Newsweek International's May 16 issue has an interesting article written by Howard Lewine, M.D. Quoting from the article:
Elevated cholesterol is always a cause for concern, but 48-year-old Mary Carleton had special reason to worry when her LDL started inching up five years ago. Her parents had both developed coronary-artery disease at young ages, and her uncle and grand-father had died of heart attacks before the age of 50. As a practicing nurse, Carleton knew that her family history placed her at special risk, but she also knew how to offset it. When her LDL level hit 166 milligrams per deciliter despite a good diet, she and her physician agreed that she should start taking a statin drug—a step that someone with a different genealogy could have safely postponed. Thanks to her vigilance, Carleton is now in good cardiovascular health—and her kids are taking steps (exercise, lots of fruits and vegetables) to counter the family legacy.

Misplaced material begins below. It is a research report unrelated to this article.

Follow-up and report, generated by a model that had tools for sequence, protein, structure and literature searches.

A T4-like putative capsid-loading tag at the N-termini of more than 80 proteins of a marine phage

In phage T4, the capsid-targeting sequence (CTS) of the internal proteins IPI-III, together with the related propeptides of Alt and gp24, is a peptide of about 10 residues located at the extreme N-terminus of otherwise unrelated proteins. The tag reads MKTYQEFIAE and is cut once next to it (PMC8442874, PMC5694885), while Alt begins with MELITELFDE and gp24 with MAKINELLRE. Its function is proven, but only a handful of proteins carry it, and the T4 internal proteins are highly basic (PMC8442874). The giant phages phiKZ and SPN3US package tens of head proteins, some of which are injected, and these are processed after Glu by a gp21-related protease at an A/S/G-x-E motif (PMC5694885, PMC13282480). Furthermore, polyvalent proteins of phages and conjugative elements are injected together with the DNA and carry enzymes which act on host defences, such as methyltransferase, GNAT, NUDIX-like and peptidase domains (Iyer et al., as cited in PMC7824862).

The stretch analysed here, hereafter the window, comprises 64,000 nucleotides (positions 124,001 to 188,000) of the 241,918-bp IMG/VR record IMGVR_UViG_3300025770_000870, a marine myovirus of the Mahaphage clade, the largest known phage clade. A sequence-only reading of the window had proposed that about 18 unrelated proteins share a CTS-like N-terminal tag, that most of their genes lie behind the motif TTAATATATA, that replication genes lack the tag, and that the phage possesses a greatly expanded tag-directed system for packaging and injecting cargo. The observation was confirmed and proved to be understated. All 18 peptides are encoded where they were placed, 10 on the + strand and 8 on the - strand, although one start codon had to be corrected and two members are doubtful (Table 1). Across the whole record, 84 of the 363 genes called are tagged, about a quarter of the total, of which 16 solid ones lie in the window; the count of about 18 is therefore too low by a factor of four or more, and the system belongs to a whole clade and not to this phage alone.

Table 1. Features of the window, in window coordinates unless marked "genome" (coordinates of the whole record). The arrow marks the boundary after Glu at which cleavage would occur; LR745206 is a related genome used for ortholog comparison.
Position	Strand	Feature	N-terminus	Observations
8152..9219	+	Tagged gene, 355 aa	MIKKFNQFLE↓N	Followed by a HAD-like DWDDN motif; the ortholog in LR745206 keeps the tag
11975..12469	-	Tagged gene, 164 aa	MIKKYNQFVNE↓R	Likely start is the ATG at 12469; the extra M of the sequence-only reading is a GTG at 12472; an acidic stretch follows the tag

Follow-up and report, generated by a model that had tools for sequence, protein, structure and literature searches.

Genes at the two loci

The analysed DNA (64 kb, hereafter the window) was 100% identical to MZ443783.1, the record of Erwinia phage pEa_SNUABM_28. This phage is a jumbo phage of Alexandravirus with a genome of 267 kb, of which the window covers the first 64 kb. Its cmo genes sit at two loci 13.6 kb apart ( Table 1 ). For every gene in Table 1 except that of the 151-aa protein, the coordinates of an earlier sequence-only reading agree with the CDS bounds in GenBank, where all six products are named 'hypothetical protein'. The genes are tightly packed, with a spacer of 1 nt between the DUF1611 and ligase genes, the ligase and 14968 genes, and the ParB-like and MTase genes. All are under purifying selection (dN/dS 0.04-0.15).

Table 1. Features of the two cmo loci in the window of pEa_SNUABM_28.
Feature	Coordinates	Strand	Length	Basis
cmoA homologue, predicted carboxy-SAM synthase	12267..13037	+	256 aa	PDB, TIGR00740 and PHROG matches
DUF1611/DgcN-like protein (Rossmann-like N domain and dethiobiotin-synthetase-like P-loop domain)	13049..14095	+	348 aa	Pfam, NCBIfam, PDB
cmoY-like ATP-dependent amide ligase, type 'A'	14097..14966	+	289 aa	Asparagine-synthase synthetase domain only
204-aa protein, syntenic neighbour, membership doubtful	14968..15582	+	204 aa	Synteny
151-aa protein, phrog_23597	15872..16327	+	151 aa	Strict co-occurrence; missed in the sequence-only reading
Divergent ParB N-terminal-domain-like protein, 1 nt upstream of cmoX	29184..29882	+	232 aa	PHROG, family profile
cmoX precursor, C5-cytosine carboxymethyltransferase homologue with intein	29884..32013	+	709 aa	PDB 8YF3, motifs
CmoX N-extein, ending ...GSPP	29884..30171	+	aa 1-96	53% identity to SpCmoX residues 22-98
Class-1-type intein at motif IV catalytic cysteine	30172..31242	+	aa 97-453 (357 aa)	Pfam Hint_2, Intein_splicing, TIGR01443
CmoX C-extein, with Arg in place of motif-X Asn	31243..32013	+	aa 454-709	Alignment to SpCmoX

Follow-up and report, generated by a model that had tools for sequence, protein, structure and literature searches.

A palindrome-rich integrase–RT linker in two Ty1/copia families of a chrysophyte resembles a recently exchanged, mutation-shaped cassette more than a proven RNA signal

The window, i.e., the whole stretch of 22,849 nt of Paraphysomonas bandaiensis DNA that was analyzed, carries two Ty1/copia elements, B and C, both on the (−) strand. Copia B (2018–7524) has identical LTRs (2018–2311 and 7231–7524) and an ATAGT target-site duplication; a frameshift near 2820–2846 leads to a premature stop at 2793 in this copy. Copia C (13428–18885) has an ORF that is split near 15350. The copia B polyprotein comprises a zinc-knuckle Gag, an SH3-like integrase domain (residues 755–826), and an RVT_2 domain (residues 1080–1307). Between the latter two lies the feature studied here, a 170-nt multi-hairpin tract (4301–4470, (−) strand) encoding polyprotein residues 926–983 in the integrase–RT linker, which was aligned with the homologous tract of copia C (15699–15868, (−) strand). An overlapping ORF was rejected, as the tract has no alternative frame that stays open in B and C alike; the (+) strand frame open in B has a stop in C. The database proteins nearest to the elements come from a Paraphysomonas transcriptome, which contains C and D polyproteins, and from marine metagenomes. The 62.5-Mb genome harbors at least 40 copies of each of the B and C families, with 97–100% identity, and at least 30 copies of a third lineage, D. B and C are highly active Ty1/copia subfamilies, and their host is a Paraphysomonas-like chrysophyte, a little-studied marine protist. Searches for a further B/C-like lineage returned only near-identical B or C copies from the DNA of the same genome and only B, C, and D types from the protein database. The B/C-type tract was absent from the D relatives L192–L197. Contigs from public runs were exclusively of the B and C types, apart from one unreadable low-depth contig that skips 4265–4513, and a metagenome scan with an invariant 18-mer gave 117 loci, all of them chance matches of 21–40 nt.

Each of us inherits a unique set of health risks from our ancestors. For some diseases, family history is defined by a single scrap of DNA. Anyone cursed with the gene for Huntington's disease will eventually suffer the symptoms, but hereditary risks are rarely so straightforward. Most medical conditions involve multiple genes, which get passed along in different combinations. As a general rule, having a first- degree relative with heart disease, asthma, osteoporosis or type 2 diabetes doubles your own risk. When two or more cases occur in the same immediate family, the odds increase four-fold or more. The same pattern holds for cancers of the breast, colon and prostate. Yet none of these conditions is inevitable, even in people at high risk. With a detailed knowledge of your family medical history, you can often take the steps needed to protect yourself.
The full story is much longer and should be required reading by all genealogists. You actually can save your own life and perhaps the lives of some of your loved ones. You can read the article at http://msnbc.msn.com/id/7775067/site/newsweek/